• Sex, Drugs, Disasters, and the Extinction of Dinosaurs by Stephen Jay Gould

    771 Words  | 2 Pages

    differentiates bad science from good science and explains what makes some theories silly speculations, while the other, a testable hypothesis. Any hypothesis, Gould says, begins with the collection of facts. In this early stage of a theory development bad science leads nowhere, since it contains either little or contradicting evidence. On the other hand, Gould suggests, testable proposals are accepted temporarily, furthermore, new collected facts confirm a hypothesis. That is how good science works. It is

  • Gulliver’s Travels

    1128 Words  | 3 Pages

    argued that science without context could have widespread harmful consequences, and this position profoundly reveals itself in his satirical treatment of science and knowledge in Gulliver’s Travels. This paper will discuss Swift’s satirical treatment of these subjects in the novel. Several critics have pointed out that evidence exists that suggests that Swift was not uniformly opposed to all science (Phiddian 52). Therefore, it would seem unfair to read Swift’s satirical approach to science in Gulliver’s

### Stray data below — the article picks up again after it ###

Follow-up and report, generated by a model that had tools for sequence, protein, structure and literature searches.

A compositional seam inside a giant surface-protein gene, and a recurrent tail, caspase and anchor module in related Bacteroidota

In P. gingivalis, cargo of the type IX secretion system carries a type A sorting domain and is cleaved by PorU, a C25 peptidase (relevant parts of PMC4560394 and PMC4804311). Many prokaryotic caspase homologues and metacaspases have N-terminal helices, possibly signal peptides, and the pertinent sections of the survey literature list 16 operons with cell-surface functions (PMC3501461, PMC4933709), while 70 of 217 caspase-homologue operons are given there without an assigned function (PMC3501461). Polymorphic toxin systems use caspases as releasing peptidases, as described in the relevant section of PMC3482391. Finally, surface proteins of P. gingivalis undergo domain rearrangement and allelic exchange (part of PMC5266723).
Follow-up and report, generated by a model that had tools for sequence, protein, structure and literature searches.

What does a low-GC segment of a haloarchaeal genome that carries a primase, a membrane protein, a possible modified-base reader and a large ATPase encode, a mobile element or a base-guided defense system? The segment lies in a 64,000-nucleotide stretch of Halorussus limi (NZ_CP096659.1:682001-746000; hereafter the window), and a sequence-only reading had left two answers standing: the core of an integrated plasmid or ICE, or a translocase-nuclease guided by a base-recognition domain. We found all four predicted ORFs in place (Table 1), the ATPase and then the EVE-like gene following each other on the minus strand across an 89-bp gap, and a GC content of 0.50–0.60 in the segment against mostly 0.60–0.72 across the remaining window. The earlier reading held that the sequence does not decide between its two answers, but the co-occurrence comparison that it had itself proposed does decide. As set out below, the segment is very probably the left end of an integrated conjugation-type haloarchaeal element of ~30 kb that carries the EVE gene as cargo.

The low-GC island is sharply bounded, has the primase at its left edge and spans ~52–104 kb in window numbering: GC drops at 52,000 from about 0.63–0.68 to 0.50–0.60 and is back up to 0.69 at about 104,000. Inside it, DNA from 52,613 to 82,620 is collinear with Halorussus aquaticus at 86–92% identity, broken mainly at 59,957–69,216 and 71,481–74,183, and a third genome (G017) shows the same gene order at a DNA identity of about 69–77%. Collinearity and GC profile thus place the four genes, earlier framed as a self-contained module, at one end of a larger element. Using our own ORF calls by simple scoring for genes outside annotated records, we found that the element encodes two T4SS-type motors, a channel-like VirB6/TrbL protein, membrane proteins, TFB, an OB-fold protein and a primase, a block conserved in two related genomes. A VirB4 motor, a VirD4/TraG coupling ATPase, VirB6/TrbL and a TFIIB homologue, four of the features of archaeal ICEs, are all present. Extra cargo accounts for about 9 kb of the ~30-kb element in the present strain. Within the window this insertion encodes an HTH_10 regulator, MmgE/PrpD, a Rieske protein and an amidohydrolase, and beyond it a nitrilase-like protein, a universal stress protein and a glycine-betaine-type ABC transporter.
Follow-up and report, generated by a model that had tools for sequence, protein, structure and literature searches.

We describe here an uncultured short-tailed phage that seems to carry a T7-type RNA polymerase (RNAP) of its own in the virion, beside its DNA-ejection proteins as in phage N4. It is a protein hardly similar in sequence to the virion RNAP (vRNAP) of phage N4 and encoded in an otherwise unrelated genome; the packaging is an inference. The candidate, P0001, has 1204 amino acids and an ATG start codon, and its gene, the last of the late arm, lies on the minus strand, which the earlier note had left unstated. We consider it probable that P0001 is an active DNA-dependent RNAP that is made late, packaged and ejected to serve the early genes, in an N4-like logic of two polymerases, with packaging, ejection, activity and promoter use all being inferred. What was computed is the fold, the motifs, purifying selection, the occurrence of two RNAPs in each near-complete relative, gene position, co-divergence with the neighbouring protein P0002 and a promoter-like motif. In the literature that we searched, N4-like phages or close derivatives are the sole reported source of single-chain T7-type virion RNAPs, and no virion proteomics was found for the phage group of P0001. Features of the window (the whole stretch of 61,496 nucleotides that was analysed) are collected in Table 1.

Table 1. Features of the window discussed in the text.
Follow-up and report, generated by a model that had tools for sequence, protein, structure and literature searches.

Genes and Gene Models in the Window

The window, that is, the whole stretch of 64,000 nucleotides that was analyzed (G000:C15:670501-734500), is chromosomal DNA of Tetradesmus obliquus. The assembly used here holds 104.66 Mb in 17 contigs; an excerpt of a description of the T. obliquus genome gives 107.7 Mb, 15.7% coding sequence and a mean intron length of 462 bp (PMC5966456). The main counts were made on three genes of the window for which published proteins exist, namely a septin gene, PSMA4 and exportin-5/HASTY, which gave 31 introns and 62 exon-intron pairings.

• Human Beings and Nature: The Scientific Revolution

    1682 Words  | 4 Pages

    11. ADDITIONAL SOURCE: - Steven Shapin, "The Scientific Revolution," Library Journal, Aug. 1996, 63-67. This article offers a different approach to analyzing the impact of the Scientific Revolution. He discusses the "birth" of modern science which occurred between Copernicus and Newton's time. However, he also gives equal credit to Bacon, Descartes, Galileo for the development of the naturalistic philosophy we still use today. This article is an excellent source of furthering one's